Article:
A guest post by Mike Wilkinson, who analysed the economics of retail payment system development in a recently completed MA thesis.
While travelling overseas, it’s easy for New Zealanders to see that we use our payment cards a lot more than people from other countries. Indeed, the figure below shows this observation is backed up by statistics from official sources: relative to many other developed countries, the nation’s debit card system (known as EFTPOS) is very well-used.
What makes it so? Many would have you believe it’s because such a system was developed here, first. Yet, the second figure demonstrates that that’s actually a big urban myth – even in my small sample of developed countries, New Zealand was by no means the first to have such a system. That title looks like it goes to the United States.
If it isn’t that EFTPOS was developed here first, what is it about our country’s system that makes it so useful? The two most well-used systems in this sample, New Zealand’s and Norway’s, have one thing in common: merchants or retailers in neither country pay significant fees for transactions completed at the point-of-sale. In both places, they generally need to buy or rent terminals, but, once they have those, most are quite happy to accept transactions for nothing at all. In other countries, merchants are charged fees that make them unwilling to accept small transactions; instead many prefer their customers to pay with cash. Meanwhile New Zealand and Norwegian consumers are required (or at least during the years following the systems’ introduction, were required) to pay transaction fees for debit cards. That these consumers still used debit cards demonstrates that many people really don’t like using cash.
In the case of Norway, such an approach to pricing was encouraged by the Norwegian Government. What about New Zealand? Why did the country’s banks adopt this approach even when their Australian parents elected to charge merchants fees? The answer to this question is firmly rooted in the history of the country’s banks, particularly their regulation by our Government.
In the period following World War 2, New Zealand’s banking system was characterised by intrusive, prescriptive regulation. Organisations were separated into three groups: trading banks, thrift institutions (including trustee savings banks) and other financial institutions. In 1984, members of the first two groups introduced their own EFTPOS trials, which some readers may recall. The trustee savings bank system was called Cashline. The trading banks’ system, called Quicksmart, was operated by Databank, their joint-venture originally created in the 1960s for processing cheques. Evidence demonstrates that an adversarial relationship existed between the groups with little prospect of smooth cooperation over a combined system.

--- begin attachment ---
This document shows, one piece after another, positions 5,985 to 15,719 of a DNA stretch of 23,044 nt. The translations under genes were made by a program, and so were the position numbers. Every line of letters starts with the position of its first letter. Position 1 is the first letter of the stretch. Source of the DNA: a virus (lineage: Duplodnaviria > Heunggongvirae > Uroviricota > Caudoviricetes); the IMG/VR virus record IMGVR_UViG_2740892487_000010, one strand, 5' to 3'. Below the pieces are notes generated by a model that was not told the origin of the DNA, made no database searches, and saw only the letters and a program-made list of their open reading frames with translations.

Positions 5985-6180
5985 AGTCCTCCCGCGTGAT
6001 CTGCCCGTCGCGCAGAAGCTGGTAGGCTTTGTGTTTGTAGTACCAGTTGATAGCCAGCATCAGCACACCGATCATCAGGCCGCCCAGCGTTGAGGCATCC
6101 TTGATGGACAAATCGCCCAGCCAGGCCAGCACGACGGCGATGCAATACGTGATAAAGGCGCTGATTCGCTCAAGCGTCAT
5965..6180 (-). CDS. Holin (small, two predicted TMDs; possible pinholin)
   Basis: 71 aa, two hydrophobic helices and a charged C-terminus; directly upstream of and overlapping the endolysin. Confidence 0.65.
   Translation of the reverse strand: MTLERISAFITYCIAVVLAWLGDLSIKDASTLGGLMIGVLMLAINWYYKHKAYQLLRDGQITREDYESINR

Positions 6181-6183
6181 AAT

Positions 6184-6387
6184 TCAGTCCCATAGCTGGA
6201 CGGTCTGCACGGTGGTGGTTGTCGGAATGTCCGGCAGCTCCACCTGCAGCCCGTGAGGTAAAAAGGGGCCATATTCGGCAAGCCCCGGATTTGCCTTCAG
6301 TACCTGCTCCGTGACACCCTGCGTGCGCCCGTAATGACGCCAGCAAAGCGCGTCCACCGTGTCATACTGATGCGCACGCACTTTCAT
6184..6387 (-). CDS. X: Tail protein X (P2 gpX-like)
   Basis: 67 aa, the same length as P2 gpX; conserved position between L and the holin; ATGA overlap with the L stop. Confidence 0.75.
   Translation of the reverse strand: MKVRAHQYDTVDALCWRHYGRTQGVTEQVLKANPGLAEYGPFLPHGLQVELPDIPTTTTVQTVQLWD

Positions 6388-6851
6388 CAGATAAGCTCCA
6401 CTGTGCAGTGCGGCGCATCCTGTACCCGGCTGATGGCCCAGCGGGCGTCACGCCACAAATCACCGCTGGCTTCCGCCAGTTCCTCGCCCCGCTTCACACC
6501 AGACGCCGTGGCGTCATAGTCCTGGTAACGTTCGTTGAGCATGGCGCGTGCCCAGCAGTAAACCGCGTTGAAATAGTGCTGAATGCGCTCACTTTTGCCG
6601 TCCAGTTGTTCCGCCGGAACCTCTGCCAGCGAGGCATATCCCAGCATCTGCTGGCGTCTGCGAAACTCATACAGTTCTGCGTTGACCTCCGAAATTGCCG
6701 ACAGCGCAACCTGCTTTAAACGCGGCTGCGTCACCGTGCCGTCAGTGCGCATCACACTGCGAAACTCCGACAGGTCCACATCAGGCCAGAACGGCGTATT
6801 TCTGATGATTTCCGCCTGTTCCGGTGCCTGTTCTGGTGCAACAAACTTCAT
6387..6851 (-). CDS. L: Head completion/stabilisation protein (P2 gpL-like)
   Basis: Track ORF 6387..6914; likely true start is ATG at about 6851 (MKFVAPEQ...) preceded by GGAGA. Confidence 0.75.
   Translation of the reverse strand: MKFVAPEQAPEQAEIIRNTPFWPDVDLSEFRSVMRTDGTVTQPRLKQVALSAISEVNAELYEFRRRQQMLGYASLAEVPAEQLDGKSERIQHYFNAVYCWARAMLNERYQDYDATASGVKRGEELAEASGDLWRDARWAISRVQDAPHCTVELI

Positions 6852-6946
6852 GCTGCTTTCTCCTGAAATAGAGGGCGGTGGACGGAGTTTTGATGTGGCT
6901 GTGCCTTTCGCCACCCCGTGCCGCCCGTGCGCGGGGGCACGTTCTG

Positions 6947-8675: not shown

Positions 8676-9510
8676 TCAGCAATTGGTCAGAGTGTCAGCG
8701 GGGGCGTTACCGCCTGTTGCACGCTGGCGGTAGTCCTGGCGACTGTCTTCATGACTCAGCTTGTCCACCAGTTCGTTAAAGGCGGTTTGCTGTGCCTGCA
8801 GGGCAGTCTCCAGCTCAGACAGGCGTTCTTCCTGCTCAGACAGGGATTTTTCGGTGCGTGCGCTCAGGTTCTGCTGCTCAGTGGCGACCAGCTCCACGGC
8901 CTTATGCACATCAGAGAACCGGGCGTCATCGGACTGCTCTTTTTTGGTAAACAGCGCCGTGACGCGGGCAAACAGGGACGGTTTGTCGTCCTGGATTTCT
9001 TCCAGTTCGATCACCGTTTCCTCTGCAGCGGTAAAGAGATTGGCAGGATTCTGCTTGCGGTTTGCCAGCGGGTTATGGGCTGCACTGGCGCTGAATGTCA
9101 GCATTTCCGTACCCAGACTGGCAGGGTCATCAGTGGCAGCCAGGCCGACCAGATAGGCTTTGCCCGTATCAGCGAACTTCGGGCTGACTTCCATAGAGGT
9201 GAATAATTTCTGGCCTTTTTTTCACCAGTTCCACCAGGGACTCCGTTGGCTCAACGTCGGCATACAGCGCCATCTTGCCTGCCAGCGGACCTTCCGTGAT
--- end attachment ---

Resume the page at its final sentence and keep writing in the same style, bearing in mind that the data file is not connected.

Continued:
In 1987, legislation passed by the Lange-Douglas government came into effect, substantially changing the way banks were regulated. Under it, any organisation could become a Registered Bank, if it met permissive criteria administered by the Reserve Bank. The climate for cooperation changed substantially and a merger of Cashline and Quicksmart was being contemplated. However, the 1987 sharemarket crash made banks much more conscious of costs. In 1988, two former trading banks, BNZ and ANZ, decided to withdraw their support for Quicksmart. The two remaining participants, National Bank and Westpac, purchased the EFTPOS assets from Databank, renaming the system, Handy-point. In order to attract merchant account business, they decided not to charge merchants transaction fees for this new system.
The Handy-point system proved successful and its approach to pricing was adopted when it was merged with Cashline to form Electronic Transaction Services Ltd (ETSL) in 1989. BNZ eventually joined ETSL, which was later renamed Paymark. ANZ invested in its own EFTPOS services that interconnected with ETSL, which were later brought into a company ANZ had purchased, EFTPOS New Zealand Ltd. National Bank and Westpac and, later on, the owners of ETSL were happy to cooperate with the other banks because they saw EFTPOS as a marketplace rather than as a proprietary asset.
New Zealanders have benefited from their successfully developed EFTPOS system because the country’s comparatively light regulation of banks fostered cooperation, and because at no stage has our Government become involved by choosing among the relevant systems. In my view, were it not for the Lange-Douglas reforms, New Zealand’s EFTPOS would have developed much less successfully.
The success of EFTPOS makes the Snapper bus ticketing stored-value system more useful for non-bus related payments because it can be used for faster payments than can EFTPOS. The Snapper system is also lightly regulated (relative to how comparable systems would be regulated, overseas), allowing it to offer payment services cheaply. These two factors combine to make Snapper one of the few privately-owned stored-value systems based on public transport that can be used for other sorts of transactions in the world. Snapper’s development shows that New Zealanders continue to benefit from the country’s market-driven approach to banks and to payments.